This week I read an interesting article by Cardinal Timothy Dolan of the Archdiocese of New York. You can read the full version here.
Dolan is a prominent figure in the American Church and a rising star in the universal Church, having made a big impression at the recent conclave (a journalist pointed out that if the cardinal-electors had elected Dolan as pope the other 5,000 bishops of the world might as well have taken the next 15 years off, because they’d never be seen or heard from again. In short, Dolan is incredibly articulate and he also doesn’t have an “off” switch).
Dolan’s article stood out because it provides a helpful insight into the complex issues involved in administering a diocese. Among other things, he underscores the need for parishes to support themselves financially (i.e. pay the bills) and to plan responsibly for their future life.
It makes for good reading. Whether you’re an ordained or lay minister, pastoral life coordinator, finance committee or pastoral council it provides a ‘bigger’ picture of Church than is often kept in view. While all dioceses and parishes differ in their financial resources and arrangements, there are a few points worth noting in Dolan’s article for all Catholic communities.
1. As a general rule, dioceses cannot be expected to carry parishes that cannot carry themselves.
It’s simply unsustainable. Think of your typical (if there is one) American, European or even Australian diocese. There are probably more churches than needed (perhaps stemming from an earlier ‘one village, one parish’ approach) and attendance is likely declining which diminishes financial contributions as well (unless those who remain pick up the slack). Meanwhile the costs of church maintenance continue to increase as historic buildings and facilities degrade. Obviously dioceses do not enjoy an endless supply of funds and risk the patrimony and viability of other ministries if it were to prop up every parish in need. Most dioceses expect their parishes to be largely self-sufficient for these reasons; religious orders usually expect their regional communities to do the same.
It was interesting to read in Dolan’s piece that the Archdiocese of New York has established Inter-Parish Financing (IPF) which enables stronger parishes to aid those in need. This seems like a good idea in principle, a form of distributive justice, just as the Vatican itself redistributes finance from established churches to developing ones. However, it appears from Dolan’s remarks that the IPF has not proven sustainable over the long term and needs reform in their context. Keep in mind that the NY Archdiocese also carries the costs of the upkeep of a great number of schools which is not the scenario for all dioceses. The upshot for Dolan’s archdiocese has been an operating deficit which he intends to address through the measures he outlines in the article (NB: the operating budget of the NY Archdiocese is $87 million which is far beyond the reality of most Australian dioceses!).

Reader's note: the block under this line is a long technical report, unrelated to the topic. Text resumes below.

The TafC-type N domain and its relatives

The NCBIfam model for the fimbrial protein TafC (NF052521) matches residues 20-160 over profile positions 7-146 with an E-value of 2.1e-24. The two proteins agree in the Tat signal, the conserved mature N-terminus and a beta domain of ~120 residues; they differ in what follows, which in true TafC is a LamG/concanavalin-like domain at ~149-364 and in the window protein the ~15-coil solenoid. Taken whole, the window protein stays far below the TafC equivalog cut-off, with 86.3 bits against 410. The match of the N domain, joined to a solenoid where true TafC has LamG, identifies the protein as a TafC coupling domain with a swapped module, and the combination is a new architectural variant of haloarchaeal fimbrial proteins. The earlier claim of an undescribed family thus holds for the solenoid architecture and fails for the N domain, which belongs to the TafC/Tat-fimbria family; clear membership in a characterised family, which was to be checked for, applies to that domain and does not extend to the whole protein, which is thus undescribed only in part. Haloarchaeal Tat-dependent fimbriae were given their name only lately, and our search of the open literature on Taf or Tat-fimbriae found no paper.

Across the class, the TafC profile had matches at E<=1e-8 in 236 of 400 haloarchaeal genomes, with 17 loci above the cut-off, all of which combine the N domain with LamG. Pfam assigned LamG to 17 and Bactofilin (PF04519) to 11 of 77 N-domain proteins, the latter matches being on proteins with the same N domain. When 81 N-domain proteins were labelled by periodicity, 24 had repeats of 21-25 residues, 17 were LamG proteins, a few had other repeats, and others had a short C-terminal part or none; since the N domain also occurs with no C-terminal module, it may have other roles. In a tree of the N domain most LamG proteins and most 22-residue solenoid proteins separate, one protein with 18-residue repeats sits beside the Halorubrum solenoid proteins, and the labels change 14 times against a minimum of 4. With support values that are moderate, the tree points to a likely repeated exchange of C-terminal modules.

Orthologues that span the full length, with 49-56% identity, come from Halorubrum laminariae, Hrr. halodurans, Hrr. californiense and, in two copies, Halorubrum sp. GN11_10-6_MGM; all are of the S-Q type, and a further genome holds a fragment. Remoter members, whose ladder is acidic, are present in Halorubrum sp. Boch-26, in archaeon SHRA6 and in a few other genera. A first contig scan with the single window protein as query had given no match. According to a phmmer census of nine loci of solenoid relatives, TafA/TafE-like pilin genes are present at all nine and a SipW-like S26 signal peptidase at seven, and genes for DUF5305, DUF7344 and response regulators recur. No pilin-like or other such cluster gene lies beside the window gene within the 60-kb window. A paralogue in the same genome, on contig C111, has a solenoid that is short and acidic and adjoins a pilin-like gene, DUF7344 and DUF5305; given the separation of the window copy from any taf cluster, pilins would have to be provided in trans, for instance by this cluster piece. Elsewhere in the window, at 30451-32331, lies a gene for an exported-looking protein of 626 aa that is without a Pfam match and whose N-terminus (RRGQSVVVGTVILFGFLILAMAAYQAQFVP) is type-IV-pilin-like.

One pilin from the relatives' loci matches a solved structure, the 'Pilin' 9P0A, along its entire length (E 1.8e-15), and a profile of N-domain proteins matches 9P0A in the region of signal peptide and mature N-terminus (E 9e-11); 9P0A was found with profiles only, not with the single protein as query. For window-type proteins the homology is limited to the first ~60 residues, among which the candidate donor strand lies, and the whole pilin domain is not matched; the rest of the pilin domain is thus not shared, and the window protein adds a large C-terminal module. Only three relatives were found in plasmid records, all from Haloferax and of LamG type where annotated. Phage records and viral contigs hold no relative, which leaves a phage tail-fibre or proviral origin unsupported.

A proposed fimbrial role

2. Dioceses balance significant demands which are not always recognised.
What do dioceses do with the financial contributions of parishes and its investment income? Dolan’s archdiocese is typical in providing pastoral services and resources that parishes cannot provide for themselves, at considerable cost.
There are the expenses of training seminarians and deacons for pastoral ministry, the employment of chancery staff, the financing of social support services not only for Catholics but for the wider community as well (think of our own CatholicCare closer to home), the need to support adult faith education, family and liturgical support, human resources and legal advice for parishes, the support of schools and the need to provide adequate housing for retired priests as well as healthcare, marriage tribunals, evangelisation initiatives, and loan facilities for the establishment of new parishes and the maintenance and upgrade of existing ones. The list goes on. Again, this makes it all the more important for parishes to fund their own activities to the extent that they can so that all can benefit from the greater resources that a diocese holds in trust.
3. Church revenue is a function of the quality of community life
While not addressed in Dolan’s article, it is a well-established fact that dynamic and missionary parishes attract larger and more consistent financial contributions than staid or listless ones. People contribute their time and money to communities that are life-giving, intentional in their mission and that value their belonging in explicit and tangible ways. People also contribute to communities that have transparent, credible and accountable leaders. It is no surprise that the crisis of legitimation experienced by the Church in the wake of the sexual abuse crisis in particular and poor pastoral practice in general has resulted in a weakened sense of belonging and, with that, a decline in the financial resources available to the Church to exercise its Gospel mission. Want to increase your parish revenue? Become a community that people value.
I’ll be keeping an eye on developments in Dolan’s archdiocese as it is a communicative and dynamic one and will share further news as it comes to light. Dolan’s article underlines sound financial governance as a must for every community of faith.